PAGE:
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Biodiversity Online J

Critical Biogeography of Neotropical Mountains: A Panoptic Approach for Biocultural Microrefugia Conservation

Fausto O Sarmiento*

Department of Geography Director, University of Georgia, USA

*Corresponding author: Fausto O Sarmiento, Professor of Mountain Science, Department of Geography Director, Neotropical Montology Collaboratory, University of Georgia, USA

Submission: February 22, 2021; Published: April 14, 2021

ISSN 2637-7082
Volume1 Issue3

Abstract

The development of Montology as the convergent science of mountains requires paradigm shifts. One such about-face of ecological theory relates to terminology usage in biodiversity conservation; the trend is identified with new understandings about biocultural diversity, driven by both intangible heritage maintained in the tropical Andes, and the remains of monumental architecture recently discovered as tangible heritage of mountain cultures that lived in the Andean Amazonian flank. My position is to allow noetic science and critical toponymy to influence our understanding of biocultural diversity conservation needs, and to respond to new decolonial scholarship that puts critical biogeography and political ecology as explanatory of the ecological legacy shown in contemporary, sentient mountainscapes.

Introduction

The use of a unified theory of Neotropical mountains conservation mirrors current practice observed in the Amazon rainforest, the African savannah or the South Asian coves, based mainly in concepts of island biogeography and paradigms of nature pristine [1], where the emphasis on species-based priorities have now been replaced by ecosystem-based drivers, particularly those related to the utilization of ecosystem services [2].
There is growing evidence from allied fields pointing to the need of having a comprehensive approach emphasizing situated knowledge and site specificities to design conservation scenarios for the Neotropical mountains [3], particularly related to the use of appropriate terminology including toponymy to understand the essence of place. One important advance is the realization that these mountains, often shrouded in clouds harboring massive biota at every layer of the forest including the epiphytic garden and the canopy, are indeed hybrid mountainscapes, where the human impact has prompted a fused configuration of “natural” and “cultural” landscapes; these areas have been “manufactured’ since ancient times as to generate a socioecological system that reflects important ecological legacies from millennia [4-6].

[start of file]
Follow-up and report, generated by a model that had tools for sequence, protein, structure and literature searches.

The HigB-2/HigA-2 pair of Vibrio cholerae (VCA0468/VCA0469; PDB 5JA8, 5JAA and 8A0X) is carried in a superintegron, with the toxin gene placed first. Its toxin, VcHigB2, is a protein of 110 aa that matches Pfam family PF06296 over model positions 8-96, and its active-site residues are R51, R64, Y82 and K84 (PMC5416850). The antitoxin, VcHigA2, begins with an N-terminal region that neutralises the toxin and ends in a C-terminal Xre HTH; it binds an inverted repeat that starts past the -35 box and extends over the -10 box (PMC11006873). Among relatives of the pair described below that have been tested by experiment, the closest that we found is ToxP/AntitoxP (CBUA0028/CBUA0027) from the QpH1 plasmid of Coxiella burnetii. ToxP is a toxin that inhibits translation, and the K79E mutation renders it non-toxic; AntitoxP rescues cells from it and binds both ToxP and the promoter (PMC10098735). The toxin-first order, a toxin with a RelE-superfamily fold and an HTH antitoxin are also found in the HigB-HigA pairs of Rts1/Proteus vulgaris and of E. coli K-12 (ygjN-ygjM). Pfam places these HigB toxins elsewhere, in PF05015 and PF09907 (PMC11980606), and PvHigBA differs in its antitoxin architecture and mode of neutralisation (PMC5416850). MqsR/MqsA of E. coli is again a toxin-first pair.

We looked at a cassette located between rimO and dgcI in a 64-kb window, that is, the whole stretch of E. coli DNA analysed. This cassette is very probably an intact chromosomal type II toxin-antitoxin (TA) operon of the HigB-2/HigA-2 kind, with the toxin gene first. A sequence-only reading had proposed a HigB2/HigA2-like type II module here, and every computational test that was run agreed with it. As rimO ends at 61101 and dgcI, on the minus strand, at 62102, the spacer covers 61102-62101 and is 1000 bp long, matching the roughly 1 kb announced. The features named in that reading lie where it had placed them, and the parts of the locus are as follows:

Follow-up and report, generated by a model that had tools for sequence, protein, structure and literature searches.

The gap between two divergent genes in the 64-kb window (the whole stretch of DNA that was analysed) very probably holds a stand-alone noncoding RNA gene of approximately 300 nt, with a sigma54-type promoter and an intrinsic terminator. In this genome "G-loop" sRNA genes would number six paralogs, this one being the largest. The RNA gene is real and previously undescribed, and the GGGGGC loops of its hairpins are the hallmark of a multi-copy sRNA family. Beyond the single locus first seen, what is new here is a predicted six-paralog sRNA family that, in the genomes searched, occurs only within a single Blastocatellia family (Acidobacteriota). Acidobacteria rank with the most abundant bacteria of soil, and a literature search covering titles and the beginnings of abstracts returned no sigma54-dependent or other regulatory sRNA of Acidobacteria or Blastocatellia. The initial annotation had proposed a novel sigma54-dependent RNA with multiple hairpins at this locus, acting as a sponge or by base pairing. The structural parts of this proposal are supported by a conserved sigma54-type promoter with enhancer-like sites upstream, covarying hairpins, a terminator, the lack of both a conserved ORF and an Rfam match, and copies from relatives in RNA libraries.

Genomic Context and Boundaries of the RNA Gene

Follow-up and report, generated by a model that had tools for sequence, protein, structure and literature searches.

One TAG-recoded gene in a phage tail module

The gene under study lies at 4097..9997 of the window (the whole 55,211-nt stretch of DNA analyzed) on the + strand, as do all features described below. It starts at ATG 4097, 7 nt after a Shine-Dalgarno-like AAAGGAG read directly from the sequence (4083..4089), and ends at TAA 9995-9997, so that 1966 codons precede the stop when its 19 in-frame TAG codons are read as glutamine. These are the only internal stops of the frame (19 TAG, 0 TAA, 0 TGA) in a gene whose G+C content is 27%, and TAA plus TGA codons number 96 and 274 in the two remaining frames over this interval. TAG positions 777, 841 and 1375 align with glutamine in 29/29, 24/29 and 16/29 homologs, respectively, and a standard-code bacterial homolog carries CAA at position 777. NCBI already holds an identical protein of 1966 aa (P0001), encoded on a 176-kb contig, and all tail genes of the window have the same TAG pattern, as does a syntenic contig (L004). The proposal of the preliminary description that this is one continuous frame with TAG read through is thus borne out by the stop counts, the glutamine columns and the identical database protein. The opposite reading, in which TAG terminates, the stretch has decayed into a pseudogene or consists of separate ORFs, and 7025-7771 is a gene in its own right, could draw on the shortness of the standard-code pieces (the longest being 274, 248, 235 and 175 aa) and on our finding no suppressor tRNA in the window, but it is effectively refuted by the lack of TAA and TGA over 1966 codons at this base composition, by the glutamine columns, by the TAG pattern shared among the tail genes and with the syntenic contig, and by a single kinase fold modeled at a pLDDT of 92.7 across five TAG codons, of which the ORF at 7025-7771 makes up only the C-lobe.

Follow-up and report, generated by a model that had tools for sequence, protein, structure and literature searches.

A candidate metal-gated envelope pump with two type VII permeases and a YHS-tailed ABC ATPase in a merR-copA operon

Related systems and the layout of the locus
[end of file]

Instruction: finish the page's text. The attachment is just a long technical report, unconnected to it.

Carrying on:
The use of the old terms to guide conservation initiatives relies in the affirmation that ecology is a natural science [7]. However, convergent scholarship has emphasized that ecology is the science that bridges science and society [8], hence it is a social science; just like economics, sharing the same etymology of Oikos, it generated a revised emphasis on the role of humans and the power relations to define the mountain socioecological system and decide whether a species or ecosystem should be conserved [9]. I argue that the wrong use of terminology has often misled our understanding of biodiversity and the priorities to set up the conservation toolbox when dealing with Neotropical landscapes.

Onomastics for biological inventories

The geographical and ecological misunderstanding of Neotropical mountains could be located in the mistaken epistemologies generated by colonial and neocolonial ontologies generated by the application of European concepts and taxonomies aligned to fit religious cannons and to satisfy the narrative of empires. After the ‘encounter’ of the Spaniards with the New World, the “mediterranization” of Neotropical mountains started with the introduction of exotic crops and cattle, along with practices for devastating mining for about two centuries before the first descriptions of the biodiversity of the region became known. When Humboldtian views replicated the “alpine” structure and function of mountains in 1802, the Chimborazo landscape has been already changed significantly [10]. The manufactured “Andean” identity was misinterpreted as pristine ever since. At present, school children are taught about forests pointing at examples nearby in the forest plantations of Eucalyptus globulus and Pinus radiata; both are deemed as exotic invasive “green deserts” in current biogeographical literature [11]. Because of the biotic potential to sprout by stolons and rhizomes in the abandoned cropland and urban lots, the presence of the African Kikuyo grass (Panicum clandestinum) gives a false sense of “naturalness” to the different hues of green visible on tropical mountains sloped terrains.